U.S. Secretary of the Interior Bruce Babbitt, who visited the site, proclaimed the water quality improvement efforts occurring in the region as “among the finest in the nation.” With the success of the Jenners Passive Treatment System a second site a mile downstream has been targeted for construction of the next AMD treatment system. A 25 acre site located in Jennerstown Borough was purchased by the Somerset County Conservancy through a $25,000 grant donated by the Jenner Rod and Gun Club. The Somerset Conservation District and Southern Alleghenies Conservancy obtained funding in the amount of $547,000.00 through the Pennsylvania DEP and OSM. Construction began in 2002. Each year, 160 tons of iron will be removed from Quemahoning Creek as a result of this innovative project partnership.

A 1994 report entitled,“Assessment of Non Point Source pollution in the Stonycreek and Little Conemagh Watersheds” was produced by the Cambria County Conservation District in cooperation with the Somerset Conservation District and PA DEP with funding provided through the EPA Region III. This report documented the negative impacts of nutrient and sediment pollution in the watershed. In order to address this component of the comprehensive cleanup the Somerset Conservation District applied for and received $225,000 from the Pennsylvania Growing Greener Grant program to designate a Geographic Priority for the Stonycreek River Basin. The goal of the program is to reduce the total loading of agricultural non-point sourced sediment pollution. This will be accomplished through cooperative efforts with landowners to plan, design and install Best Management Practices (BMP’s). With the North Branch and main stem of Quemahoning Creek identified as highest priorities the district is now working with a dozen landowners to develop management plans and recommend BMP’s, which will reduce the sediment problems in the watershed.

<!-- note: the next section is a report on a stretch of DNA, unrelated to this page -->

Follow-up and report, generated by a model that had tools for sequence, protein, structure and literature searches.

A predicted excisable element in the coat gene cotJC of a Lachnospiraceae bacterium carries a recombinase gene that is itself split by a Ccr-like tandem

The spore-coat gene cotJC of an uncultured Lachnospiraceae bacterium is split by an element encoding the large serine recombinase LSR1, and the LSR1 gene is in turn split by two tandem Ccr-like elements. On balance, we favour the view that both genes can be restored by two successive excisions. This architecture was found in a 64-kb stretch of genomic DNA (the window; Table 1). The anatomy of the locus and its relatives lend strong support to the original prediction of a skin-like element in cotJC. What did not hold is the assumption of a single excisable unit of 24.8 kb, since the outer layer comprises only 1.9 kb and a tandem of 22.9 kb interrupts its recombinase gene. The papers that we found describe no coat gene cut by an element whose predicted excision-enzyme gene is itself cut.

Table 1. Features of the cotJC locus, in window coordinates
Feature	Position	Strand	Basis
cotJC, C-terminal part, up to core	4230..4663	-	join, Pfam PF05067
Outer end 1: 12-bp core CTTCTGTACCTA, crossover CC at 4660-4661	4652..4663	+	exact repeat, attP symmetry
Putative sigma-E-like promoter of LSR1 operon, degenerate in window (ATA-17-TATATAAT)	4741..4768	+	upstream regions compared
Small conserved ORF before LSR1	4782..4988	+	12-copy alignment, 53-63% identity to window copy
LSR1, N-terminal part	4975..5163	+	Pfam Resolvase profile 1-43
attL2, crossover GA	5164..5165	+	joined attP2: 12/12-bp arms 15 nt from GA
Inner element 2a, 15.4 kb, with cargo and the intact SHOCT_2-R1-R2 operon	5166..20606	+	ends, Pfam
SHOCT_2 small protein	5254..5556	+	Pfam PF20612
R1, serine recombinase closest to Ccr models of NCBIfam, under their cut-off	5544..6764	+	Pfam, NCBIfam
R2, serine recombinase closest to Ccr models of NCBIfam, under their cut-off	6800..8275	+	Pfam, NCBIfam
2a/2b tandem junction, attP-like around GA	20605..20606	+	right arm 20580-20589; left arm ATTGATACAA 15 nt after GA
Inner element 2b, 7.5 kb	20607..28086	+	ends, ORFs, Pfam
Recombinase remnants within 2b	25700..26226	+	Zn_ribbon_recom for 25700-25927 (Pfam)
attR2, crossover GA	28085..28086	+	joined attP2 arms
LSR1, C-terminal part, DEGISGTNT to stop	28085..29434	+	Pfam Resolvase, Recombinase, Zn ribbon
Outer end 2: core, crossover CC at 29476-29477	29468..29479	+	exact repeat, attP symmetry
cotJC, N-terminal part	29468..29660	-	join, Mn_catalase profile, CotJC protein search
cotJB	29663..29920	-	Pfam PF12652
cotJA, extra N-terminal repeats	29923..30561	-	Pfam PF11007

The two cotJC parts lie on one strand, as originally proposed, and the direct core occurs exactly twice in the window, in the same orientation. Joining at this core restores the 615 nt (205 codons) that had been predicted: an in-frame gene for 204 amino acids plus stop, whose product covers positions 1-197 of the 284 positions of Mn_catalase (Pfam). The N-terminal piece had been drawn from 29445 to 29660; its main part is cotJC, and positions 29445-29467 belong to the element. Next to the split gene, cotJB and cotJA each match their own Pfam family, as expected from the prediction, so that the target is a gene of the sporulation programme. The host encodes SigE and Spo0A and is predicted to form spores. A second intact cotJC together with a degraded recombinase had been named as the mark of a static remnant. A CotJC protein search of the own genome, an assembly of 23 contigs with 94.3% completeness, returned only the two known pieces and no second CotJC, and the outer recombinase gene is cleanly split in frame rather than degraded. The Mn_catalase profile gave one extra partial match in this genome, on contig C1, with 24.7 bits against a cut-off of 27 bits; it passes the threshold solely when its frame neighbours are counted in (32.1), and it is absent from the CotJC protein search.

In addition, the Somerset Conservation District received a $60,000 grant from the PA DEP to stabilize a mile section of Quemahoning Creek that has been severely eroded. This project began in 2000 and was completed in 2001. The Jenner Township Board of Supervisors has provided $25,000 worth of in-kind services toward the project. Alkaline materials were used to stabilize the stream bank and at the same time counteract the acidic impacts of AMD. The importance of the major focus of interest and funding in the Quemahoning Creek watershed has been magnified by the recent public acquisition of the Manufacturers Water Company by the Cambria-Somerset Authority.